I'm not that impressed? I read a lot of novellas, but this one left me a bit dissatisfied.
I enjoyed the writing immensely, but Binti is way too short. It's tiny. It's literally almost a short story. There was substance in it - it was detailed and well built, but it just wasn't enough to be fully invested in.
I didn't care for Binti as a character, because she felt very one dimensional to me. She can be described int three words - mathematics, her hair and otijze (the clay mix she wears on her skin). There is no substance to her beyond that. Those things define her a 100%. The whole mathematical aspect was weird, because it wasn't explained deeply enough.
I did enjoy the message the novella was portraying - how it feels to be different, and how horrible the world is for only seeing your physical differences, instead of focusing on who you really are.
I will pick up Binti Home, because my library has it. That one is larger, so hopefully I will be invested in it.
I read 20 pages from Binti Home and couldn't care less about anything. Also, I realized how basic and dull the dialog is. That one is a DNF for me, unfortunately. I just don't see what all the fuss is about with these novellas.
“We shouldn't have to go around congratulating each other for behaving with basic human dignity.”
This is the most uniquely structured fantasy I've ever had the pleasure of reading. But what blew me away, and I mean BLEW ME AWAY was the writing. Holy moly guacamole Bancroft can write! Wow. I want to frame random sentences from this book just because of how beautifully sound and graceful they are. Pure literary ecstasy.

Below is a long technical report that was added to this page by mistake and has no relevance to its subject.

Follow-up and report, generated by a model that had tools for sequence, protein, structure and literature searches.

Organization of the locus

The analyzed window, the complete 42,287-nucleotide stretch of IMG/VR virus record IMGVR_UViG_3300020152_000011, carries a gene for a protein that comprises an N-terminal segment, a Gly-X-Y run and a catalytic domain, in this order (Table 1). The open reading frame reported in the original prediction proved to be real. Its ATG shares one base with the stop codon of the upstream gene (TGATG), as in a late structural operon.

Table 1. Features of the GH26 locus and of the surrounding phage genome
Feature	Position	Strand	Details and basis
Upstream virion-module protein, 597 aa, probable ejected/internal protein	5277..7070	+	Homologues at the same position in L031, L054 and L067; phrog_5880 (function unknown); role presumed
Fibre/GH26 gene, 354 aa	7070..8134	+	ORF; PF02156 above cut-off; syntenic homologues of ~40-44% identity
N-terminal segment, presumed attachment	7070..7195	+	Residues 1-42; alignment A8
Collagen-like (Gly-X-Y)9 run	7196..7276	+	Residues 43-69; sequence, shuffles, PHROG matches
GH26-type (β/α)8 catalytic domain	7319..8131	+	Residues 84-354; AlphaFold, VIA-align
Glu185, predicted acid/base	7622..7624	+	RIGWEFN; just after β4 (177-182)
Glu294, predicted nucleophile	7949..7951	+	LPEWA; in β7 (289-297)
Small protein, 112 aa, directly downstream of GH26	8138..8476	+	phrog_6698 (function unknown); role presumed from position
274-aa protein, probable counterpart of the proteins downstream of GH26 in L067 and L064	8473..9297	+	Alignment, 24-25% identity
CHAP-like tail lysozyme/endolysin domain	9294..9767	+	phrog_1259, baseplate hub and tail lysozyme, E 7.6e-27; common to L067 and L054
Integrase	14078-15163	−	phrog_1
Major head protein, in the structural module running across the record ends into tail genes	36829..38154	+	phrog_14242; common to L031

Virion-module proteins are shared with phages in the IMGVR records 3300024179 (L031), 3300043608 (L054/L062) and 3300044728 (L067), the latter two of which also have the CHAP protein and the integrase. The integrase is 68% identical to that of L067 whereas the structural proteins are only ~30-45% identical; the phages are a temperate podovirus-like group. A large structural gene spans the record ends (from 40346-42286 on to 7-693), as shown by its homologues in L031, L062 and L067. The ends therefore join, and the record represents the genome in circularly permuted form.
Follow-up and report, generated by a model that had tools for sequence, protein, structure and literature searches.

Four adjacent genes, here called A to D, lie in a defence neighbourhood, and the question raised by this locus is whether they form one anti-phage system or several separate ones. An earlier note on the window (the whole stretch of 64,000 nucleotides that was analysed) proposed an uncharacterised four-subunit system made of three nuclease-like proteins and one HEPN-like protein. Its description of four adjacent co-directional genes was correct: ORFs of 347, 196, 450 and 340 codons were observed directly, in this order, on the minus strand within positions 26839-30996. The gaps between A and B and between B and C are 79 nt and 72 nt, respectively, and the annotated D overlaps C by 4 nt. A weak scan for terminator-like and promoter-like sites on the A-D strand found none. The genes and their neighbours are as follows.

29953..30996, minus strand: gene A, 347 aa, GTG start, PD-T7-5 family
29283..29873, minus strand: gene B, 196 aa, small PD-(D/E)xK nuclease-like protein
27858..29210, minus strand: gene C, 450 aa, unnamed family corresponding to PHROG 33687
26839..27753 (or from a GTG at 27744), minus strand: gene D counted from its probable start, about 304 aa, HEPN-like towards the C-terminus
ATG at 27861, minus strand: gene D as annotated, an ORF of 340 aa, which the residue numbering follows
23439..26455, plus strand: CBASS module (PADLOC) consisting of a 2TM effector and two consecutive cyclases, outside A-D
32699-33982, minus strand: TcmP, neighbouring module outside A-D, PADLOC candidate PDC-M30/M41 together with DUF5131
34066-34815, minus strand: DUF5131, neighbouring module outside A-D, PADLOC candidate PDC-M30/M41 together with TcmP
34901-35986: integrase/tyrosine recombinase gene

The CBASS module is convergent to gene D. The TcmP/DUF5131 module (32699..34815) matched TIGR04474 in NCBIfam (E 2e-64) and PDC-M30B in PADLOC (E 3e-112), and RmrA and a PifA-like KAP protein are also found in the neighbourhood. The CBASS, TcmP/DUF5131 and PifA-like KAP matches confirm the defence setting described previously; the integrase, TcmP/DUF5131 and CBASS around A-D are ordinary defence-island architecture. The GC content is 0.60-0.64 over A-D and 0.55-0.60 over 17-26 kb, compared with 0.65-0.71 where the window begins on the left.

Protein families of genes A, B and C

“Senlin loved nothing more in the world than a warm hearth to set his feet upon and a good book to pour his whole mind into. While an evening storm rattled the shutters and a glass of port wine warmed in his hand, Senlin would read into the wee hours of the night. He especially delighted in the old tales, the epics in which heroes set out on some impossible and noble errand, confronting the dangers in their path with fatalistic bravery. Men often died along the way, killed in brutal and unnatural ways; they were gored by war machines, trampled by steeds, and dismembered by their heartless enemies. Their deaths were boastful and lyrical and always, always more romantic than real. Death was not an end. It was an ellipsis. There was no romance in the scene before him. There were no ellipses here. The bodies lay upon the ground like broken exclamation points.”
Because of the beautiful writing all the ugly things that this book brings to life seem so sudden and brutal, but also hazy - a chilling combination. Also, the humor was quite good. Senlin Ascends as a debut is phenomenal. Senlin Ascends as a fantasy is brilliant. Cannot wait to see where Tom takes me next, as there have been some unexpected turns.
Only rounding down because I'm not a big fan of books keeping all of its action-y bits till the very end - it overwhelms me.
p.s. And there better be an explanation on Edith in the next book, because WUT? How? Wut?
“I’m going to feel very weak and you’re going to feel very dumb. But that’s how it always is in the beginning. Learning starts with failure.”